A small figure clad in a lithe combat-variety suit knelt, keyed in a code and then opened a drop crate. A backpack was secured and the figure reached for something else, PIPs zoomed in on what appeared to be magazines. The explosion came from underneath the crate lid.  It was expertly focused and aimed.  The shockwave kicked like a mule.  The figure caught herself with the barrel of her sidearm, now drawn.  The weapon was held close and ready as she backed away. 

The pack grew.  

Articulated panels flipped outward and around. The encasement sat momentarily, panels clearly visible.  A tree seemed to shoot white-hot light. The screens all flared before coming back online. The light was gone; a smooth and solid obsidian egg was all that remained. 

Pond reappeared, standing this time and in normal-for-her attire. "There you have it.  If you have questions, my AI, Gillian will help you.  If you're in, thank you and if not…that's okay too.  No hard feelings."
Jacinda watched, all of her previous emotion- well, call it what is was: wallowing- gone. Amelia was in trouble. Looked like something bad too. "Wait here," she said to the drone. It was a machine. And while people programmed their AI's with rudimentary personalities (however they did that), Jacinda was not one to treat it as if it was alive. Certainly not a companion.

She left the toaster at the door and went to her room. She wasn't running. If Amelia was dead, rushing to her side wouldn't save her. And the indicator on the toaster's display had said that quite some time had passed. A few minutes wouldn't make a difference. But not forgetting anything would.

Her duffle full of everything she could think of, she returned to the door. One last thing. She keyed to door entry and left a voice message for Ten when she returned. "Amelia Pond's in trouble. I went to help her...I'll let you know what I find." That last was forced. Whether she would, she didn't know. She couldn't help the disconnect she had begun feeling. Which was just as well.

Things had changed.

"Ok, you floating microwave. Take me to her."

[[go ahead and mod jacinda as necessary to get her where she needs to be.]]
Once the warrior princess indicated she was in, Dave buzzed to the delivery chute with her in tow.  From there it was a first class trip inside BB where accommodations were tight at 3.5’ x 5’ but climate controlled.  And who didn’t enjoy curling up on the composite floor with their go-bag?  It was almost as if the bigger drone had taken offense to past comments and reveled in being the emergency transport.  Travel amenities included eau de Papa John’s, windowless non-views and no bothersome safety harnesses.  The in flight movie was Trolls, 2016.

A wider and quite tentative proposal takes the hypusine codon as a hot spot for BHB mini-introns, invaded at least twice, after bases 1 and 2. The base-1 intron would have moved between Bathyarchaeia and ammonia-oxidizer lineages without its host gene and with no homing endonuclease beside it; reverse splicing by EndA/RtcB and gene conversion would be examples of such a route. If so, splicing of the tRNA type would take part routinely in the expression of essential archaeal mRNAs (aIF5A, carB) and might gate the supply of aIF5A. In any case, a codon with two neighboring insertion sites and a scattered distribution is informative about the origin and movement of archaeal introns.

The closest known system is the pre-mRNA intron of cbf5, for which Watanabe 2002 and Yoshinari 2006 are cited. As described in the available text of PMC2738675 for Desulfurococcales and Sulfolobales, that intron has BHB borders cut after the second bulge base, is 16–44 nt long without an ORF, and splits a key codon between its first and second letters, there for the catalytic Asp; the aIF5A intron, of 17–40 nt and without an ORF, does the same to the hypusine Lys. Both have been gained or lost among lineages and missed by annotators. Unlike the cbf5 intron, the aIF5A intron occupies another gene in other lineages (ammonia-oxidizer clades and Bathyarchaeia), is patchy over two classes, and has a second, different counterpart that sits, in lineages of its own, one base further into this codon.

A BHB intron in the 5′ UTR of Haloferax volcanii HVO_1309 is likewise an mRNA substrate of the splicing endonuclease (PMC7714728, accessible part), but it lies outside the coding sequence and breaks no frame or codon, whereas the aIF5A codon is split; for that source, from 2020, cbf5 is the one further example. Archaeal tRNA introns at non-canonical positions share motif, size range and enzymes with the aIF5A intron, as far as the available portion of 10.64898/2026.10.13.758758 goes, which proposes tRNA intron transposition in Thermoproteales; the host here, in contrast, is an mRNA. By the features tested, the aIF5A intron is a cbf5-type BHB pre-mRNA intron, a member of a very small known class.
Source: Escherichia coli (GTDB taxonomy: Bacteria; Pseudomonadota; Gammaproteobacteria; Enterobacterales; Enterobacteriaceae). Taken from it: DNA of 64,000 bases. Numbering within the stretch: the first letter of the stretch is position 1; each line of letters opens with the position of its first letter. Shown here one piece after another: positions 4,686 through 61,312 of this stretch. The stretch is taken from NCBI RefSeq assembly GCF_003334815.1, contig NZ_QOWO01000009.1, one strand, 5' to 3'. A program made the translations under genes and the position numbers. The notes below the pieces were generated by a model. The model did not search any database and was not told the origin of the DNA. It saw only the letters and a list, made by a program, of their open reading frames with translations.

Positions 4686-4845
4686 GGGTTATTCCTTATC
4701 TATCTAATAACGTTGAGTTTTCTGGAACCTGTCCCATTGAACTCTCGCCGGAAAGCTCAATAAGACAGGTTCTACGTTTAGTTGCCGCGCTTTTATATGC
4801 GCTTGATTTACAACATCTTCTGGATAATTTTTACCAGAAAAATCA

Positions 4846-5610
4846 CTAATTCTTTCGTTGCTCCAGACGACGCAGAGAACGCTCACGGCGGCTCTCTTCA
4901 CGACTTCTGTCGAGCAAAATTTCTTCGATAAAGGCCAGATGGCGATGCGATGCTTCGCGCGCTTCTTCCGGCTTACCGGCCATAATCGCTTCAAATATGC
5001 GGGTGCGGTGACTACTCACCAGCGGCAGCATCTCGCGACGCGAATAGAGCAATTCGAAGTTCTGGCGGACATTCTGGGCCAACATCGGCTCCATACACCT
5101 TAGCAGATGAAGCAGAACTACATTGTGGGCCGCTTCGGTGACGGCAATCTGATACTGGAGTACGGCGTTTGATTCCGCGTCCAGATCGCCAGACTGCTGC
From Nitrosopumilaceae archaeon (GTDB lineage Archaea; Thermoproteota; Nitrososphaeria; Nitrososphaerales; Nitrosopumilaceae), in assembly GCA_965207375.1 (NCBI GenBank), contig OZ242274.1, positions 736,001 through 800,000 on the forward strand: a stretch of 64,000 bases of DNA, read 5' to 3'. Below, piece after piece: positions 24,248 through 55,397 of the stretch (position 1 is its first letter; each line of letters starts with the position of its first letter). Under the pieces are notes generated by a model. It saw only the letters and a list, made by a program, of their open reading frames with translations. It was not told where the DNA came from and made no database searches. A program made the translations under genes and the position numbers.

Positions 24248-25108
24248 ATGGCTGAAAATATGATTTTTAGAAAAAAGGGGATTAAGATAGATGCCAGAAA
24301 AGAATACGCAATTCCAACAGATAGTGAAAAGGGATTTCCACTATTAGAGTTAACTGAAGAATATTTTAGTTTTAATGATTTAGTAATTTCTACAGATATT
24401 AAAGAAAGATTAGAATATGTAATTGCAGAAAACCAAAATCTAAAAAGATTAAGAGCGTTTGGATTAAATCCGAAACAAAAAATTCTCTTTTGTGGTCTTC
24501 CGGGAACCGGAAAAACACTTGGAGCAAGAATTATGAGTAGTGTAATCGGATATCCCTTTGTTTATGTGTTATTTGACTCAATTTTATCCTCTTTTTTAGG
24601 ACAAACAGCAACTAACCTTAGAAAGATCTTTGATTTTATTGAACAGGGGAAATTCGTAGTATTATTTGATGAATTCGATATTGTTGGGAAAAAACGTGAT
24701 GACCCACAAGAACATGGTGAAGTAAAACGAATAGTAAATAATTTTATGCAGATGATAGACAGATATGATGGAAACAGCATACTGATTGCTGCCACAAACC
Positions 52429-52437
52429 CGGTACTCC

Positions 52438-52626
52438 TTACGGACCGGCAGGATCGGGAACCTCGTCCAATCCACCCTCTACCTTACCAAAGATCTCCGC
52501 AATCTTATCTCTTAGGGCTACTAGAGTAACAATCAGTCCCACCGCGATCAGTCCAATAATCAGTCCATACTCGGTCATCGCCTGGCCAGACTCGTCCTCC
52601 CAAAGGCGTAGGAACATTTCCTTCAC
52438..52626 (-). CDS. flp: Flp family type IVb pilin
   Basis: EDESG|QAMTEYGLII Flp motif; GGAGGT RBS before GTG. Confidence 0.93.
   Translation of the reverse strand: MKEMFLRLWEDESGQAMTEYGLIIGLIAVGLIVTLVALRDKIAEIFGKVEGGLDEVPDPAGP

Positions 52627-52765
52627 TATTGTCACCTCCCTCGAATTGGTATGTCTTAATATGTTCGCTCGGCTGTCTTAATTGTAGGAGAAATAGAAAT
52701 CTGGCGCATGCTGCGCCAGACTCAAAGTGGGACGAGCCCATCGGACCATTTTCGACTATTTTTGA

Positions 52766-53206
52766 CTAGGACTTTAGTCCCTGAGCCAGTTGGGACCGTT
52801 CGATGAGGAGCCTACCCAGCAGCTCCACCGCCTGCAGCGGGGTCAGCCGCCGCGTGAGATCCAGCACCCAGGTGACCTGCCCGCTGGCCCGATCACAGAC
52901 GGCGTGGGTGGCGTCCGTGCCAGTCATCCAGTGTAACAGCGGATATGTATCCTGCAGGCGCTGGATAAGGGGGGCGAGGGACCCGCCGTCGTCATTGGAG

Dave adhered himself to an upper corner like a nervous spider and tried for all he was worth to anticipate the strange woman’s mood.  His IR cameras monitored Jacinda’s body temperature which was correctly or incorrectly equated with how angry she was.  Having been in combat  Dave, or really Dave 4.0, knew how vulnerable he was and did not want to get he periodically triggered BB’s snack dispenser to birth a Twix.  There were a lot of Twix on the floor by the time King Grizzle Jr. and Bridget finally got together.  

Jacinda wouldn’t know she was 20 minutes from the drop zone when BB turned around. He took a different route back to Moscow.  The return show was RED 2.

The drone finally docked on a rooftop delivery chute assigned to a non-existent tenant of Nika’s building.  Jacinda would note the descent and lateral routing of her pizza box but nothing jarring.  Pizza was precious cargo.  Once at rest, the top and side folded away into a loading elevator of sorts and the room was once again sized for standing.  Part of the nondescript wall slid to reveal a darkened nerve center akin to the war room of a submarine or possibly the Batcave.  There were no windows.  Innumerable screens scrolled through data, news from around the world, an old episode of The Animanics played in the corner near a keyboard and a half-solved Rubik's Cube.  Shadowed cases of exo and tactical suits, body armor, gear and weapons occupied one long wall.  Action figures from G.I. Joe, Star Wars, Dr. Who, Star Trek and other ancient shows or cartoons dotted the room upon closer inspection.  A woman stood waiting, stern in manner and expression.  Blond hair framed a face as commanding as the black outfit she wore the hell out of.  Cool blue eyes surveyed her guest.  She was a dead ringer for a character in the movie BB had just played.  “You may call me Gillian,” she said in a British accent.  “Follow me, there are things you will need.”

A section of the wall lined with guns pushed back and disappeared into the wall, revealing a stairwell that appeared as you stepped and disappeared behind you almost as quickly.  The stairs emptied into a large area lit cooly with hidden lighting.  The ambiance was futuristic-spacey as if the old American Apple company had built an underground lair on a distant planet.  Everything was white, spotless and crisp with alcoves and niches nestled into the smooth glassy walls.  It could have been the perfect set on a 26th century space station; open and curvy, there were no obvious corners anywhere.  The common area’s flawless milk-white, gloss floor flowed into rooms as they passed.  Tatami mats in what was a dojo, a curious black void with dim lighting and a ‘mud room’ that was dark and not telling.

The main armory was through a vault whose seamless circular door parted from the farthest end of the corridor when Gillian neared.  The walls were easily twelve feet thick of an unknown material and once inside, the space was nearly as big as what they’d traveled through to get there.  It was completely empty which gave the illusion of an infinite white void.

Gillian moved a few paces inside and a pristine rectangle rose from the floor.